Image source, Getty Images
By Tom Espiner
Business reporter, BBC News
Vulnerable households face an “inevitable new winter crisis” without more help on energy bills, a group of MPs has said.
They called on the government, regulator Ofgem, and energy suppliers to take urgent action.
People are being squeezed by cost of living pressures and debt, the MPs on the Commons select committee added.
Industry group Energy UK said suppliers had been increasing support at “a very difficult time for its customers”.
In a report, the MPs on the Energy Security and Net Zero Committee said that the government had provided “unprecedented levels of support” last year when it stepped in to help with soaring energy bills.
But they are now concerned that no new help has been announced for this winter.
In addition, last year £440m of support intended for vulnerable families went unallocated, and was returned to the Treasury. Households who missed out on the Energy Bills Support Scheme should get their payment, the MPs said.
Suppliers and Ofgem should make sure customers get more “time, attention and support”, they added.
Angus MacNeil, the chair of the committee, said: “The nights are now drawing in and many of our most vulnerable people will be haunted by harrowing memories of the relentless sacrifices they were forced into last year, just to keep their heads above water in the face of exorbitant energy costs.”
He said a quarter of those people still carry energy debts, and an announcement of more help from the government was “long overdue”.
The committee said the government should extend the Warm Home Discount scheme, which gives a £150 one-off discount on energy bills, and it called on Ofgem to make sure suppliers give vulnerable customers “more time, attention and support”.
Mr MacNeil said that energy firms needed to make “a drastic improvement in customer service and empathy” for people facing tough times.
He added that “unfair and regressive standing charges” should go. “After all you don’t pay a standing charge to buy petrol, you just pay for what you use,” he said.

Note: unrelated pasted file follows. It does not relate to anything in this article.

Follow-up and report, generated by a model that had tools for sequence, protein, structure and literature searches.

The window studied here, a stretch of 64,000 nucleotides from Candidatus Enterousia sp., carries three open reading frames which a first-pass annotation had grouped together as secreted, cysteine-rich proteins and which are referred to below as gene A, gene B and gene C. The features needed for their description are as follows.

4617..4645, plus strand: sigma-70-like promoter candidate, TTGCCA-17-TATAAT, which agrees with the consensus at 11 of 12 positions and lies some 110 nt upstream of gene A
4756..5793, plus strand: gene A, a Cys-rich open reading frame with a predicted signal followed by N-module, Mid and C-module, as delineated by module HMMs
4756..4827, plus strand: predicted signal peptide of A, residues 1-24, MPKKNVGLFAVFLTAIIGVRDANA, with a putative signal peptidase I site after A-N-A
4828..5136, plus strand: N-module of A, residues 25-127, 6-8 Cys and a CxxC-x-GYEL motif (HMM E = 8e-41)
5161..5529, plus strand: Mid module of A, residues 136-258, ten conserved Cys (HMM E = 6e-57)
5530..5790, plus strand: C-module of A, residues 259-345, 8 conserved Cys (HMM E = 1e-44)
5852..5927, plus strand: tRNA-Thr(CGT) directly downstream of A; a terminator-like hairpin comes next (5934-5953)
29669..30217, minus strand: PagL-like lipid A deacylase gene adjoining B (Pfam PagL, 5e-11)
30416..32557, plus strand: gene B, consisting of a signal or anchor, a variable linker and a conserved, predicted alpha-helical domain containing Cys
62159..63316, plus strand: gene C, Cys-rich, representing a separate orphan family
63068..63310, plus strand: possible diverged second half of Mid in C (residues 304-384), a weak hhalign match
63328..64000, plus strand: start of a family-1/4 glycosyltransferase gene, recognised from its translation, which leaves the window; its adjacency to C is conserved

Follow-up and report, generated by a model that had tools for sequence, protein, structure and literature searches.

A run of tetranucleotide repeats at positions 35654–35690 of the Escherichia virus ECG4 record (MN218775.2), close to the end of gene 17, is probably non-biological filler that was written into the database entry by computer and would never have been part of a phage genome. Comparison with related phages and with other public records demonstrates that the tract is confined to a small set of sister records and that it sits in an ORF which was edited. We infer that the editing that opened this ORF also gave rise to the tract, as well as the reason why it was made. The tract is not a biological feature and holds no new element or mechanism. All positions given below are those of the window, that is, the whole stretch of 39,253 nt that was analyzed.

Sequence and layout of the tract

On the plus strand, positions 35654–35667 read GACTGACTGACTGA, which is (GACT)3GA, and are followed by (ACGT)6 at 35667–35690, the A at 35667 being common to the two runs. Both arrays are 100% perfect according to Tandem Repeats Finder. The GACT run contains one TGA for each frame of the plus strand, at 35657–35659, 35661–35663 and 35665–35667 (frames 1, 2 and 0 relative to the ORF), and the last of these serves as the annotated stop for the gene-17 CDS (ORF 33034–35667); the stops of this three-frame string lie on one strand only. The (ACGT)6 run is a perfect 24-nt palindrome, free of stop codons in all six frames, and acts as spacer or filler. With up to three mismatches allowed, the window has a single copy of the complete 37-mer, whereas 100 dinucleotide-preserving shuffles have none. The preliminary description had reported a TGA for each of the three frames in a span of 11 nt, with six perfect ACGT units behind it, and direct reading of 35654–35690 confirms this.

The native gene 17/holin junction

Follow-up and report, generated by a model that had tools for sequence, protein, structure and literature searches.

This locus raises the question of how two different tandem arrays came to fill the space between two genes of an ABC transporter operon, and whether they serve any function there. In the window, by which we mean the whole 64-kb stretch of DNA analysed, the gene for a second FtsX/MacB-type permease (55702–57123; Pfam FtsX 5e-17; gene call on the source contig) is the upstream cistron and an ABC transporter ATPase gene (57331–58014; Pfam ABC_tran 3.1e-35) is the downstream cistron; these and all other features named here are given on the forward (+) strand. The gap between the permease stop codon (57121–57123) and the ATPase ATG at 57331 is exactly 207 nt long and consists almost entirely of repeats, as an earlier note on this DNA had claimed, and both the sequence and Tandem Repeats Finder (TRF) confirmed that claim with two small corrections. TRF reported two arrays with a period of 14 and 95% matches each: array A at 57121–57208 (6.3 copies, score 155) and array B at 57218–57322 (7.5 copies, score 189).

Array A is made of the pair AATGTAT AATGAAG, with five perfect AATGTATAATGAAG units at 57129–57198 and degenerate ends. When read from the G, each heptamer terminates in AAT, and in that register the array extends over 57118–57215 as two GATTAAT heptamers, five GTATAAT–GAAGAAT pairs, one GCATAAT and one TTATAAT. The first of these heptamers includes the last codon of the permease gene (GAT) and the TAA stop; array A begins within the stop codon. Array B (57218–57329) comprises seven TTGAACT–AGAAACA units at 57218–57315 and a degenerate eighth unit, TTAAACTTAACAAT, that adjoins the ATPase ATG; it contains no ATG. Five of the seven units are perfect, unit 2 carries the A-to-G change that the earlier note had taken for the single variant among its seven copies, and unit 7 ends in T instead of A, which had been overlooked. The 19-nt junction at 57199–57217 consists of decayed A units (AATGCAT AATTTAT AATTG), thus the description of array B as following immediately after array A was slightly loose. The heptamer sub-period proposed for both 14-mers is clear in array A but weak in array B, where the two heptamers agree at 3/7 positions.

Nearly all consumer energy bills include a standing charge, which is a fixed daily payment covering the costs of supply and other levies.
Ofgem said its first priority was to protect customers, adding there are rules in place requiring suppliers to be “proactive in identifying those who might be struggling and providing appropriate advice and support”.
Suppliers should treat customers with compassion, an Ofgem spokesperson said, adding that it was keeping standing charges under review.
Energy UK said suppliers had increased support “during a very difficult time for its customers over the last 18 months”.
This includes “emergency credit, offers of payment holidays and altered repayment arrangements”.
Customers may also be able to get direct financial assistance through suppliers’ funds, “which are often run in partnership with charities and consumer groups who can also offer specialist support and advice”, a spokesperson said.
“An extended period of record bills has seen an unprecedented number of customers seeking support with call volumes quadrupling and an accompanying increase in the time taken to resolve challenging and complex cases,” the spokesperson added.
So energy firms have expanded customer service teams and set up specialist teams “to deal with the most challenging cases”.
“Suppliers will continue to do all they can to support customers struggling with bills but in the middle of a wider cost-of-living and affordability crisis, they alone cannot provide all the help people need,” the spokesperson said.
Mark Garnier, who is also on the MP committee, said that while the government “did step up to the plate last year” it now “needs to give some assurances on support to vulnerable households”.
Image source, monkeybusinessimages
Energy prices at present are limited for a typical household to £1,923 a year – that is the latest Ofgem price cap.
The cap is on the price per unit of energy, so bills for individual households can still go above that, depending on how much energy is used.
The energy price cap is lower than last year, but government support has also been scaled back.
Last winter, household energy bills were limited to £2,500 under the government’s Energy Price Guarantee Scheme.
In addition, all homes got a £400 payment to help with energy bills.
The Energy Price Guarantee is in place until the end of March, but will only come into effect if energy prices go above £3,000 a year.
In response to the Committee’s report, a Department for Energy Security and Net Zero spokesperson said:
“The Energy Price Guarantee will remain in place to protect people until April next year – part of nearly £40bn of support to cover around half a typical household bill.”
People most in need can get support through the Warm Home Discount, and the government’s £1bn Great British Insulation Scheme, the spokesperson said.
In addition, “landlords must respond swiftly when dealing with damp and mould to ensure renters can live in safe and decent housing”, the spokesperson said.
The government is to introduce a law to set time limits on social landlords to make repairs, after the death of two-year-old Awaab Ishak from a respiratory condition caused by mould.